$2.6 billion in dirty deals highlight money laundering risks in commercial real estate – report

Washington D.C, 1 May 2024 – The U.S. commercial real estate sector is a hotbed of dirty money, with urgent regulation needed to prevent fraudsters, drug traffickers, corrupt foreign officials and their enablers laundering their ill-gotten gains in the $25 trillion market. At least $2.6 billion in highly suspicious funds has been invested in U.S commercial real estate in the past twenty years, according to a new report by the Anti-Corruption Data Collective (ACDC), Global Financial Integrity (GFI) and the Financial Accountability and Corporate Transparency (FACT) Coalition

Full report: Money Laundering Risks in Commercial Real Estate

The report reviews 25 cases derived from media reporting, indictments and civil complaints. These cases feature investments from 14 countries, reaching commercial properties in 22 U.S. states. The properties purchased are just as diverse, from hotels and office buildings to store fronts, industrial sites and even a horse training facility. Politically Exposed Persons or oligarchs who typically have close ties to political power feature in 14 of the 25 cases reviewed. 

David Szakonyi, Co-Founder and Head of Research at ACDC said:

“From an anti-money laundering perspective, the commercial real estate sector is a toxic mix of complexity and opacity. We see all manner of investment vehicles, private funds and shell companies being used to disguise ownership and stakes, with no requirement for U.S. professionals to look out for suspicious transactions and report them to the authorities. Too often the criminal links to the purchases we reviewed only became apparent years later, when anti-corruption or financial crime investigators overseas honed in on illicit activity.”

Commercial real estate professionals are not required to know their customers or question the source of their funds. The Geographic Targeting Orders program and a recently proposed nationwide anti-money laundering rule from FinCEN only apply to residential real estate.

Tom Cardamone, Executive Director of GFI, said:

“The fact that 14 of these cases involve investments by politically exposed persons or Russian oligarchs speaks to the lack of due diligence and reporting requirements for professionals involved in commercial real estate deals. While no doubt inadvertent on the part of the vast majority of professionals, U.S. commercial real estate is being used to facilitate corruption in many places around the globe.” 

“This report shows why new regulation to keep dirty money out of US commercial real estate can’t come soon enough,” said Erica Hanichak, Government Affairs Director at the FACT Coalition. “FinCEN has started 2024 out strong with two proposed rules addressing money laundering risks faced in residential real estate and private investment. The agency should keep up the momentum and bring a strong rule that brings the high-risk commercial real estate sector at least in line with FinCEN’s plans for the rest of the industry.”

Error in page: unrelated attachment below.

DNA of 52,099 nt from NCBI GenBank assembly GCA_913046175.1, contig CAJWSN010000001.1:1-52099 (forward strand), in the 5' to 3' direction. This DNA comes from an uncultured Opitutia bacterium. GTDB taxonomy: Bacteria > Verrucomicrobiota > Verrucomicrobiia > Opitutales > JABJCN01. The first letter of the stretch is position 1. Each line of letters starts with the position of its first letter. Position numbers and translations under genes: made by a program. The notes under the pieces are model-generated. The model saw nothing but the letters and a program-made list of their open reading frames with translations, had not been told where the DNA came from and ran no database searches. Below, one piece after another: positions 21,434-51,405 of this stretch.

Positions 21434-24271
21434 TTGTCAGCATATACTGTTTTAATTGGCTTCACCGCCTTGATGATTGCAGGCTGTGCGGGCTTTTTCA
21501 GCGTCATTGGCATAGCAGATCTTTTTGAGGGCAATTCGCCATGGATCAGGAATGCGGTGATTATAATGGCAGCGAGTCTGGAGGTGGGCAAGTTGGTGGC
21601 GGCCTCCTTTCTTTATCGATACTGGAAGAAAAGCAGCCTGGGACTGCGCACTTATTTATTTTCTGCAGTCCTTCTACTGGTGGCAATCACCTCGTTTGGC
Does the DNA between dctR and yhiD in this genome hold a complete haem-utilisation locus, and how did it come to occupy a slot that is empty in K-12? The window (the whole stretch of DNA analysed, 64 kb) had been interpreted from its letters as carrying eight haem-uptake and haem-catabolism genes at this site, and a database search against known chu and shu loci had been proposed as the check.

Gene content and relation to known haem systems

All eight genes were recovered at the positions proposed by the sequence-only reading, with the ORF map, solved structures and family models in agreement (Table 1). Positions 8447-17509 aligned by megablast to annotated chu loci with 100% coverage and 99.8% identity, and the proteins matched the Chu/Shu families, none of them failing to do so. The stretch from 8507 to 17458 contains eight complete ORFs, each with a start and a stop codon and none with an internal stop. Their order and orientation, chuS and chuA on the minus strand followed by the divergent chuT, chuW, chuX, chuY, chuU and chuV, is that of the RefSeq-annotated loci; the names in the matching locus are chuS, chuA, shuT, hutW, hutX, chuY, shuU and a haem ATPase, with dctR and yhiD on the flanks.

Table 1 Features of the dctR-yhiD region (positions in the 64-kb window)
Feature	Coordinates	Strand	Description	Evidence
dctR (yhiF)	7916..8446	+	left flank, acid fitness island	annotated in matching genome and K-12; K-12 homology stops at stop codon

The authors recommend that FinCEN regulate commercial real estate sector in a similar manner to its recent proposal for residential real estate, including with:

A cascading reporting requirement for professionals operating in the sector, which explicitly includes attorneys in their legally required closing function in many states. 

Coverage of transfers of ownership that do not constitute a sale, as well as transactions involving trusts. 

Exemptions only for transactions that have robust due diligence and reporting mechanisms in place by other means. 

The authors also urge FinCEN to finalize and implement recently proposed regulation extending AML obligations to investment advisors. In its public comment on that proposal, ACDC recommends that advisors to certain real estate investment funds also be included in the scope of rulemaking. Congress should also pass the ENABLERS Act introduced in 2022 to target the white-collar enablers of financial crime and corruption, the organizations behind the report said. 


For more information:

Anti-Corruption Data Collective 
Michael Hornsby michael@acdatacollective.org 

Global Financial Integrity
Tom Cardamone tcardamone@gfintegrity.org

FACT Coalition
Erica Hanichak, ehanichak@thefactcoalition.org

See also:

ACDC comment, press release & web article on proposed regulation for investment advisors, April 16, 2024

FACT Coalition press release, April 16, 2024: FACT, Allies Join Chorus of Support for Treasury’s Proposed Landmark Anti-Money Laundering Safeguards

GFI report, August 2, 2021: Acres of Money Laundering: Why U.S. Real Estate is a Kleptocrat’s Dream

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